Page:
During the First World War, Fritz Feinberg (1895-1915), an inhabitant of Drawsko Pomorskie, was killed on the front. After 1920, the municipality shrank to 50 members. That condition persisted probably until 1931. In contrast, the city was inhabited by 7300 people. The budget of the municipality also increased and it amounted to 1684. In Pomerania, there were not many Jewish landowners at the time. One of them, Kurt Hirsch probably lived in Grabowo property near Drawsko Pomorskie about 1913. That property were supposed to be inherited by Heinrich Kaphan from Środa Wielkopolska near Poznań. He was a soldier who learned agriculture from Hirsch. In 1920, he bought the pen in Żabinek and married the daughter of George Manasse, who was a grain trader. Five years later ,he had to sell the house which had been built before the wedding. He came back to Garbowo as an administrator and he became its owner very soon. His family was more and more isolated from society. That is why he sold his property and emigrated to Brazil, where he established a plantation. As a result of his knowledge in the field of agriculture, he could also help other Jewish emigrants. Unfortunately, there were too few Jews in Rolandia (Parana State), where he settled down. That is why they could not establish their own community.

In the 1920’s, Drawsko, the same as other cities, struggled with  postwar inflation and affects of the Great Depression.  In spite of the dramatic unemployment and poverty which people could meet in the whole Reich, they managed to survive, especially thanks to local agriculture. Despite the difficult situation, Drawsko Pomorskie as a conservative city, resisted adopting Nazi ideology. In 1929, during  the election, National SocialistGerman Workers’ Party (NSDAP) reached only 7 votes in the city. However, during  the next  few years, Drawsko Pomorskiefell sway to  Nazi Propaganda. That is why that party had more supporters locally. Due to the new political situation after 1933, the Jewish community in Drawsko Pomorskie started to disintegrate. In 1935, there were only  9 Jewish inhabitants left  who were professionally active. Nazi processions became increasingly popular. On the night of 9th to 10th  of November 1938, riots connected with the destruction of Jewish properties took place there. This was later called Kristallnacht.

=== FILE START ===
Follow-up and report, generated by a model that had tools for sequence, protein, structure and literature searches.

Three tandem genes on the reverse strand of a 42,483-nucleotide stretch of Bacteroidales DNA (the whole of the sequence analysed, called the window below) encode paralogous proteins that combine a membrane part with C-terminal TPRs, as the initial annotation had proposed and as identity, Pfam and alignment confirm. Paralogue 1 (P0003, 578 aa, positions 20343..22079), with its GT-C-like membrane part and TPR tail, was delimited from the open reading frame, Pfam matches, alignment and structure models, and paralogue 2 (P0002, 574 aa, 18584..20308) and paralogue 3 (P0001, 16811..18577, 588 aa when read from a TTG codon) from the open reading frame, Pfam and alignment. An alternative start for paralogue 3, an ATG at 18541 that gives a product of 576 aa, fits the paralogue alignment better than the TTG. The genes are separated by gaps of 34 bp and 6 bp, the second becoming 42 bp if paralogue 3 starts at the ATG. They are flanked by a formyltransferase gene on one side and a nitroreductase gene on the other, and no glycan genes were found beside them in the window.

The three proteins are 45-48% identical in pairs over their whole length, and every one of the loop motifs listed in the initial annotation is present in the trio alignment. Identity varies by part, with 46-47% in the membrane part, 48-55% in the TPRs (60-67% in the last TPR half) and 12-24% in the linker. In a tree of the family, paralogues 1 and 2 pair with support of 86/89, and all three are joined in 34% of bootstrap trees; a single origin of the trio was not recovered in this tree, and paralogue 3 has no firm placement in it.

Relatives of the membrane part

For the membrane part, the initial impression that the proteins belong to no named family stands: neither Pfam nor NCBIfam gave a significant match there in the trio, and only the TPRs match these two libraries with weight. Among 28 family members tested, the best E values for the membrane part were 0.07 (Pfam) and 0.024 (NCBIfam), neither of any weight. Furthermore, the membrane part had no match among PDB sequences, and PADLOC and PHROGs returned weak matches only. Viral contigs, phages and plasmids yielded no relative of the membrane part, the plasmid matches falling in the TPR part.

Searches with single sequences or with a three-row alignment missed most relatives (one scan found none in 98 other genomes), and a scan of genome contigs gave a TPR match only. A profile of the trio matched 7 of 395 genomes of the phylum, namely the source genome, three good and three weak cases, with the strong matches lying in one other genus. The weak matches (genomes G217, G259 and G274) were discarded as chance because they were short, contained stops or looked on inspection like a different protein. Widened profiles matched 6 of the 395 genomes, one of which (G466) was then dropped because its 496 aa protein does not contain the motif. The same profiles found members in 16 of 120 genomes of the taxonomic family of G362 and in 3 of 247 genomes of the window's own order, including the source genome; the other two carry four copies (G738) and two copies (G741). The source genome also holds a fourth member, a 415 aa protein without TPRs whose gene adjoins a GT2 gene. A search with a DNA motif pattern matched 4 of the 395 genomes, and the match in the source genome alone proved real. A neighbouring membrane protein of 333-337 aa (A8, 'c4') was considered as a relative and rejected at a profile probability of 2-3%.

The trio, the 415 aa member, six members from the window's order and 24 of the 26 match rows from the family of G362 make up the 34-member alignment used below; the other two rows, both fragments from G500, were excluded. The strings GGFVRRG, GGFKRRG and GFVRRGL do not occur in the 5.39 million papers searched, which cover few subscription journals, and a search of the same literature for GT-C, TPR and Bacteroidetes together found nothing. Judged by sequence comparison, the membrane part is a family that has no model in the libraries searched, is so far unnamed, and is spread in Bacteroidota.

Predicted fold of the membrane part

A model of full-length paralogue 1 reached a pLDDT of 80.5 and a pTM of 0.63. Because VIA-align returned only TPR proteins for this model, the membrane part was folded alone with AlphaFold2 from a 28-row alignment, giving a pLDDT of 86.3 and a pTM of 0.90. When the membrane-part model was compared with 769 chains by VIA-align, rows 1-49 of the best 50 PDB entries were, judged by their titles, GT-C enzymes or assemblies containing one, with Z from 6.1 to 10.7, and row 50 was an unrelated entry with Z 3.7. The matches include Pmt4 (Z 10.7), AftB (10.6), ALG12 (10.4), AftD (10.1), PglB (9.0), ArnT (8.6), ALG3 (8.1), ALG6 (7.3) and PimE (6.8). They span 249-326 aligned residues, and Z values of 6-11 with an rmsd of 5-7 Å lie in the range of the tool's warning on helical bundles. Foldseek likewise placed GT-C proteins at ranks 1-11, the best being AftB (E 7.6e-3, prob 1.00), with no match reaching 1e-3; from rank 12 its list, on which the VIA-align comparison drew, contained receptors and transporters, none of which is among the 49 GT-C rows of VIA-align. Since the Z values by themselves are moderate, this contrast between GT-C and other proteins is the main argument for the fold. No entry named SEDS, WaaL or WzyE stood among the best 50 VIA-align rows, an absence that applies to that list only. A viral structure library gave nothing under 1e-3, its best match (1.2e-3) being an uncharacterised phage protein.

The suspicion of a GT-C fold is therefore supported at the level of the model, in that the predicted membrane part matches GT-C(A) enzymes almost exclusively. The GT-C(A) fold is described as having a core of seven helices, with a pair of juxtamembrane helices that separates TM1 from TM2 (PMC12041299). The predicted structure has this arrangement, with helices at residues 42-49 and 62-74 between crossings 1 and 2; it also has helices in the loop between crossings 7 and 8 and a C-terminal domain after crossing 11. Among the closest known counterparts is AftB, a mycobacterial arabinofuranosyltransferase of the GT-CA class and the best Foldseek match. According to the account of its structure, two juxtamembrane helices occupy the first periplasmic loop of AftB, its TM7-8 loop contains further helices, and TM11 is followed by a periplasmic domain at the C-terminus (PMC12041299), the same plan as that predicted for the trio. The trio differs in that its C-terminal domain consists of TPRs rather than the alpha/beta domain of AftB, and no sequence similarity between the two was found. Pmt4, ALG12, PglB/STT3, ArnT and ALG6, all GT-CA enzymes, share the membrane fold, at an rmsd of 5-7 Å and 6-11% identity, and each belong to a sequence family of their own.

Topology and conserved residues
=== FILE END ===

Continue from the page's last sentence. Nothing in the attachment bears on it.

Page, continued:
Because the Nazi s were becoming increasingly popular, the riots connected with destruction of Jewish property and intimidating the local  population also took place in Drawsko. In 1939 the city was inhabited by only 7  Jews.  We know that three of them were born in Drawsko and what is more, three of the Jewish women had gentile husbands. Four seven were deported in 1942 from Berlin to Auschwitz and Terezin (Theresienstadt).


Bibliographic note:

G. Salinger, Zur Erinnerung und zum Gedenken. Die einstigen jüdischen Gemeinden Pommerns, 2, (2006), 382-395.